Ministry of Justice written question – answered on 20th April 2021.

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Photo of Esther McVey Esther McVey Conservative, Tatton

To ask the Secretary of State for Justice, what plans his Department has to bring forward legislative proposals to ensure that sentencing is commensurate with the severity of the crime.

Photo of Chris Philp Chris Philp The Parliamentary Under-Secretary of State for the Home Department

This government is serious about fighting crime, protecting the public and creating a criminal justice system that people have confidence in. Sentencing plays a crucial role in this: it is one of the key ways through which the public, victims, and offenders see justice being done, and this government is clear that sentencing must be commensurate with the severity of the crime committed.

On the 9th March the government introduced the Police, Crime, Sentencing and Courts Bill (PCSC Bill). This legislation will bring forward the new, smarter approach to sentencing laid out in the Sentencing White Paper published in September 2020.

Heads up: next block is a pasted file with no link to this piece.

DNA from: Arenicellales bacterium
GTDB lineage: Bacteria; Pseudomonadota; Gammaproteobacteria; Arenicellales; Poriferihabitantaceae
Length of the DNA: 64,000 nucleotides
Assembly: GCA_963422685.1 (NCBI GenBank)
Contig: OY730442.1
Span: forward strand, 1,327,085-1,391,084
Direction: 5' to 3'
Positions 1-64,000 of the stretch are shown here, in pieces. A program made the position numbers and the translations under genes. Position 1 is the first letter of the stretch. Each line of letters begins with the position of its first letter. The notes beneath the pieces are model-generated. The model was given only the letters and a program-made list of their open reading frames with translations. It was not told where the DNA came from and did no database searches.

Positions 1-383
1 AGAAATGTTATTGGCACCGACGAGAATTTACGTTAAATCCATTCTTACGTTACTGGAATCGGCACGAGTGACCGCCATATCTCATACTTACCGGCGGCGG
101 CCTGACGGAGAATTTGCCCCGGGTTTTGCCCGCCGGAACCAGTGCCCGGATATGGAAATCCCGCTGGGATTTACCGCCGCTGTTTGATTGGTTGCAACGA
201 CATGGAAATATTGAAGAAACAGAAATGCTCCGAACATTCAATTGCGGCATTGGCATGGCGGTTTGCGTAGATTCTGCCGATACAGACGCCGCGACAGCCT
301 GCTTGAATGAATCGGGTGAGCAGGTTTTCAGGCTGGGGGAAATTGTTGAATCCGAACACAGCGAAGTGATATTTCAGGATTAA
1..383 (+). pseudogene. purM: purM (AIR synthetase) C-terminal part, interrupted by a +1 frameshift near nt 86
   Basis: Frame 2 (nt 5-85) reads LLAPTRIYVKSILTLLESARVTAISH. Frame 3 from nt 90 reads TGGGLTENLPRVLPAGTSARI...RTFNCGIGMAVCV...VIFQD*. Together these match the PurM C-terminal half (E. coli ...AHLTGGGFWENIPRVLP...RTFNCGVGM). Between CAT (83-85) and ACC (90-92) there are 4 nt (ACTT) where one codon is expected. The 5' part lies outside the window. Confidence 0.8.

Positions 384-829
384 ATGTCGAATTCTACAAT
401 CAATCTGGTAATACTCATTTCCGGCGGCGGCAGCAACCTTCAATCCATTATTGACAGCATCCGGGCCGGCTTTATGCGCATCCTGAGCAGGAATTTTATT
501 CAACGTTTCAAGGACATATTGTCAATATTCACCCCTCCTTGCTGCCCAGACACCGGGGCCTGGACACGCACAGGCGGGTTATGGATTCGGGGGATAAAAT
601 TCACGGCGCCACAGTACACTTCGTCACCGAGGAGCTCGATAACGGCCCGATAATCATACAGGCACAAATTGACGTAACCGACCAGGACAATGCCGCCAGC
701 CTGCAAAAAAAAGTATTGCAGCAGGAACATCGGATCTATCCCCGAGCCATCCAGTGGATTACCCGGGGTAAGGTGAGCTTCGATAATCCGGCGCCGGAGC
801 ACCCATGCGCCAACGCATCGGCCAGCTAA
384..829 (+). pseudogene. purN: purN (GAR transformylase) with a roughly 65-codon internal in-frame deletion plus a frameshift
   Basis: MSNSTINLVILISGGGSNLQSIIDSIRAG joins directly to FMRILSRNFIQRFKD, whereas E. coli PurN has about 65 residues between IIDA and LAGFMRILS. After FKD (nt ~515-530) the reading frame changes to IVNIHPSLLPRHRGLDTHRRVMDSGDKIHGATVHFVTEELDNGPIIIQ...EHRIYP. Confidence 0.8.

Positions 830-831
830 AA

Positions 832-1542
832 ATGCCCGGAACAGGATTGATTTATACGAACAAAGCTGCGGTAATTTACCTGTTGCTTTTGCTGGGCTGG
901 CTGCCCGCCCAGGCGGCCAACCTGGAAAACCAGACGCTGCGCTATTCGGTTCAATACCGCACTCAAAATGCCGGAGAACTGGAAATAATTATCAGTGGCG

Serious sexual and violent offenders must spend as much of their sentence behind bars as possible in order to reflect the severity of their crimes. The PCSC Bill will:

    • End automatic halfway release from prison for an additional cohort of serious sexual and violent offenders;
    • Make a Whole Life Order the starting point for the premeditated murder of a child, as well as allowing judges to hand out this maximum punishment to 18-20 year olds in exceptional cases;
    • Introduce a new power to prevent the automatic early release of prisoners who become a significant public protection concern while in custody; and
    • Double the maximum penalty for assaulting an emergency worker.

Delivering public protection and ensuring that sentencing is commensurate with the severity of the crime is not just about better use of custody. The PCSC Bill will make community sentences more effective so that they offer an appropriate level of punishment but also address the underlying drivers of offending, by:

    • Piloting a problem-solving court approach for certain community and suspended sentence orders;
    • Improving national consistency for adult Out of Court Disposals; and
    • Extending the use of Electronic Monitoring.

The government is pleased that the PCSC Bill was given a Second Reading on 16th March by a large majority. As we are approaching the end of the current session, the House of Commons agreed to carry over consideration of the Bill to the next session. Given the size of the Bill, it is right to allow time for MPs to consider the detail before starting their line-by-line scrutiny.

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